UK retail sales grew at their slowest rate for more than four years in May as rising inflation following the Brexit vote dragged on spending.

Sales volumes increased 0.9% last month compared to the same period in 2016, the slowest annual growth rate since April 2013.

According to data from the Office for National Statistics (ONS), non-food stores suffered most with a 1.2% fall.

Grocery stores remained in growth, but the 0.1% climb marked their slowest upturn in sales volumes since July 2013.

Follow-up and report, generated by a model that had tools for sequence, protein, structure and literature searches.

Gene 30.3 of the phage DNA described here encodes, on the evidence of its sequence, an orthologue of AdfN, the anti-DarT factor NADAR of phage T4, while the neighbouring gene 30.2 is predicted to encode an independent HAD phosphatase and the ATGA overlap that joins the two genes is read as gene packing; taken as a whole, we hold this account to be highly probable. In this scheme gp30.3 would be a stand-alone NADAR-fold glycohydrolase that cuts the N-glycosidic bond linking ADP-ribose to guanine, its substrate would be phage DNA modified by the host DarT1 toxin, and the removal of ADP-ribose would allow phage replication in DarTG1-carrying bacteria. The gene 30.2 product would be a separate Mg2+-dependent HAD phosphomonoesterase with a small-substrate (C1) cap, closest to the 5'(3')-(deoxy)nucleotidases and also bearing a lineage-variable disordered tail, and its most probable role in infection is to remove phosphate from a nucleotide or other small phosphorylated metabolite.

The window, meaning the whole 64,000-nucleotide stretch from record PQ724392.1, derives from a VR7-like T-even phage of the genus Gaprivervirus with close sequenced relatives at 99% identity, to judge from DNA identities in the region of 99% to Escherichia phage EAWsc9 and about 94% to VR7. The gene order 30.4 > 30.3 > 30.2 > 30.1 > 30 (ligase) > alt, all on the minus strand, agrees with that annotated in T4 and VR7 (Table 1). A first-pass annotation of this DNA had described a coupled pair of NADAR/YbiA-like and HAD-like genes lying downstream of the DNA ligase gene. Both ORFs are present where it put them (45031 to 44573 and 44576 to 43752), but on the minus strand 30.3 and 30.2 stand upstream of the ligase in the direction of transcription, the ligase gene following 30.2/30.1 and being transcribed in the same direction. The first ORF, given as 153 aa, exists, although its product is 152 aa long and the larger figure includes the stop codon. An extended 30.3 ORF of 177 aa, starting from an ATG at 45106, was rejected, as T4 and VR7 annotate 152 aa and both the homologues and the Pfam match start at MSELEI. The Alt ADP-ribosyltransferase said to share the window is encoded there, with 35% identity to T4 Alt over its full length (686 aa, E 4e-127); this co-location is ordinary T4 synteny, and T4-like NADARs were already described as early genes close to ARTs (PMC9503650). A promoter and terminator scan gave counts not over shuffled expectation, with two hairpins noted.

On a month-on-month basis, the quantity of goods purchased across the sector slipped 1.2%, following a strong April.

Sales values grew at the faster rate of 4.1% last month, compared to May 2016, driven by inflation.

Average store prices, excluding fuel, ballooned 2.8% year-on-year.

The ONS said that the rise in the rate of inflation was the steepest it had recorded since March 2012.

Average weekly sales hit £7.9bn during the month.

ONS senior statistician Ole Black said: “We have not seen lower growth in the year since April 2013. Increased retail prices across all sectors seem to be a significant factor in slowing growth.”